Mobile Food

Recent Updates for Mobile Food Facility Permits

On February 6, 2024, the Los Angeles County Board of Supervisors approved changes to health permits, fees, and services for mobile food businesses that took effect on March 6, 2024. View the Changes Announcement and the New Mobile Food Facilities Fee Schedule for more information.

Updated: 2024-05-14

About Sidewalk Food Vending (Compact Mobile Food Operation)

On September 23, 2022, Governor Newsom signed SB 972 that modified the California Retail Food Code (CRFC) and established a new retail food facility known as Compact Mobile Food Operation (CMFO). The new law became effective on January 1, 2023.

CMFOs may conduct limited food preparation in accordance with CRFC. The Public Health Permit and application process for a CMFO are dependent on the food menu which will determine the operation risk type (exempt, low, moderate, or high), and cart type (cart built from a standard plan, a cart that was previously permitted in Los Angeles County, or a newly built custom cart).

Examples of CMFOs include pushcarts, pedal-driven carts, wagons, or other nonmotorized conveyances. Please refer to the cart construction guidelines in the available resources below.

Health permits, plan reviews, and routine inspections are exempt for CMFOs that are selling ONLY prepackaged, non-potentially hazardous foods or whole, uncooked produce sold from an individual, on a stand, a showcase, a rack, or display within a space that is 25 square feet or less.

New Law for Street Food Vendors: what does it mean? | ¿qué significa?

CMFO Toolkit

Wondering how to get started as a compact mobile food operator? We have created a toolkit to help ease the process in getting started on your CMFO journey in Los Angeles County. Visit the toolkit ribbon below to learn more.

How to get started - Sidewalk Street Vending :

In this toolkit, you will find application packets consisting of all the applications and documents required by our department, specific to the cart you are purchasing. Each packet includes a process road map, a checklist, and list of terms used in this operation to guide you through the permitting process.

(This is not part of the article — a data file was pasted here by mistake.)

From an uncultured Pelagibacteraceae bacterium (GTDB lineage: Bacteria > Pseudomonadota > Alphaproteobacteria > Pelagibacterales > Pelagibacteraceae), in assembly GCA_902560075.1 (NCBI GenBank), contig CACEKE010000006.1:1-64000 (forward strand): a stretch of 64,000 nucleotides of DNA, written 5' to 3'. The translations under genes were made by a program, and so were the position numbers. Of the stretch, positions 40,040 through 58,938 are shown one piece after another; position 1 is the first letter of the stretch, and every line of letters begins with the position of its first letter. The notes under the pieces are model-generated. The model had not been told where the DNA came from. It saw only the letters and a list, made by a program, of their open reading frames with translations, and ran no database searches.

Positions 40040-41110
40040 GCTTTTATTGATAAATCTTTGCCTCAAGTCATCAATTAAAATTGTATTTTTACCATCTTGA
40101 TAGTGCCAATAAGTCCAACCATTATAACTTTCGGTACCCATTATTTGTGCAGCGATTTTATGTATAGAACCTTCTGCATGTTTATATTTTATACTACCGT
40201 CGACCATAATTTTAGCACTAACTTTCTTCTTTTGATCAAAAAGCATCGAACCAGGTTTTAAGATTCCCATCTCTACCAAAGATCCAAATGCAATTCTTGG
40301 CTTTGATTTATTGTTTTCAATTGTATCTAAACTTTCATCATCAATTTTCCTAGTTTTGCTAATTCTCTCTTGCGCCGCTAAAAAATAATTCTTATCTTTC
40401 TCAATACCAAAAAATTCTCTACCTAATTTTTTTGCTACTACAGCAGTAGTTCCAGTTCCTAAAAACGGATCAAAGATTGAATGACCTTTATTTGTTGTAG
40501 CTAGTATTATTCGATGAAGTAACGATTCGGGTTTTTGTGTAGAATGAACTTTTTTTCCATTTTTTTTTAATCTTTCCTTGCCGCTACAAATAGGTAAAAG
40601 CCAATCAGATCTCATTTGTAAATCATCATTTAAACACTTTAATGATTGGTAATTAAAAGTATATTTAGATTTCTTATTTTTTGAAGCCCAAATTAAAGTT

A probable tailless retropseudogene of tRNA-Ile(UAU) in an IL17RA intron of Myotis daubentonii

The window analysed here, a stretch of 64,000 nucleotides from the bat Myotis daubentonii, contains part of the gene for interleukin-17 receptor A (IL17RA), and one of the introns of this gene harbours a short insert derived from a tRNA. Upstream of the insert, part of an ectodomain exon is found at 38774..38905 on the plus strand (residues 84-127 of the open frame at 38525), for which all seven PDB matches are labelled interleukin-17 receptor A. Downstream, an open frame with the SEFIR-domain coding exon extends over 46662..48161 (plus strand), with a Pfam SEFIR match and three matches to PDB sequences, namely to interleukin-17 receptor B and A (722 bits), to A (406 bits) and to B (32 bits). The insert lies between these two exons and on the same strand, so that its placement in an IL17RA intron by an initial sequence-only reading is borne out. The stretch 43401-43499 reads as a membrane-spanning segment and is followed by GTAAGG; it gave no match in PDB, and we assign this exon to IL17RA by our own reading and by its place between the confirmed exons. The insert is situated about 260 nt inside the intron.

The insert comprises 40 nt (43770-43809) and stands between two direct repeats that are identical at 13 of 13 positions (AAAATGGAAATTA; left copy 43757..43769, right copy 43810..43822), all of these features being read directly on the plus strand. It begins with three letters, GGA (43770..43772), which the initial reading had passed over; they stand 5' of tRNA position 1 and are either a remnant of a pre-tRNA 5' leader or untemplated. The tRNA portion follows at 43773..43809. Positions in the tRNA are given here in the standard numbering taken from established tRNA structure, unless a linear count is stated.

The toolkit includes videos on an introduction to CMFO, how to get started, a detailed narration of the different risk types and cart types, as well as videos on how to complete each of the required applications and documents.

Videos on "HOW-TO" Complete Applications:

CMFO cart graphics

Why do I need a permit?

A permit is required to be compliant with the California Health and Safety Code. A Public Health Permit guarantees that a food facility meets California's Health and Safety code, enabling the vendor to sell safe food items. The permitted facility undergoes regular inspections to ensure proper, safe, and sanitary operation. The goal is to provide consumers with safe and healthy food that meets public health standards.

What types of food sales are allowed without a permit?

Certain food items, like prepacked non-hazardous foods and whole uncooked fruits and vegetables, do not need a permit if they occupy an area of 25 square feet or smaller. For example, that could be a vendor selling canned or bottled drinks, candy, cookies and other pastries, nuts, chips, and uncut fruit such as oranges or apples.

What happens if I operate without a health permit?

A notice of violation will be issued initially followed by increasing administrative fines. Starting on January 1, 2024, the enforcement agency can charge up to three times the cost of the permit fee in lieu of administrative fines for operating without a health permit.

What are the risks of buying food from unpermitted food vendors?

Since unpermitted vendors are not inspected, buying food from these vendors can result in increased risk of foodborne illness due to contamination of food by bacteria or viruses.

Foodborne illness may result in vomiting, diarrhea, hospitalization, and in some cases death.

Health inspectors have identified the following common violations by unpermitted vendors:

  • Food is stored at the wrong temperature, which can lead to bacteria and foodborne illness.
  • Food is prepared with unwashed hands, exposing customers to bacteria and other contaminants.
  • Food is prepared in an unsanitary way, exposing it to contamination from raw meat.
  • Food is obtained from unknown sources, and prepared and stored at locations that have unknown and questionable sanitation.
  • Prepared foods are stored at improper temperatures for extended periods in nearby vehicles to resupply the street operation. For example, food stored in a vehicle, with no ability to keep foods hot or cold.

Frequently Asked Questions

  • Compact Mobile Food Operation Frequently Asked Questions:

Cart Storage

  • Compact Mobile Food Operation - Home Storage Checklist :
  • Compact Mobile Food Operations - Extension of Cottage Food Operations Storage Checklist :

Additional Resources

For questions regarding the cart construction guidelines, please contact the Plan Check Program at (626) 430-5560.

Event Archive

To read the new law, please visit SB-972 California Health and Safety Code.

Date/Time Event Title Category Comments

Report a Problem

To report a problem with a food truck or cart, call Public Health's Mobile Food Program at (626) 430-5500 or send email to ehvip@ph.lacounty.gov. It is helpful to report details about the problem, such as exact location of the food sales, day and times of operation, and a description of what the vendor is doing.

If you get food poisoning after eating something from a food vendor, seek immediate medical treatment. Report the incident to the Morbidity Unit at (213) 240-7821 or to the Acute Communicable Disease Control at (213) 240-7941.

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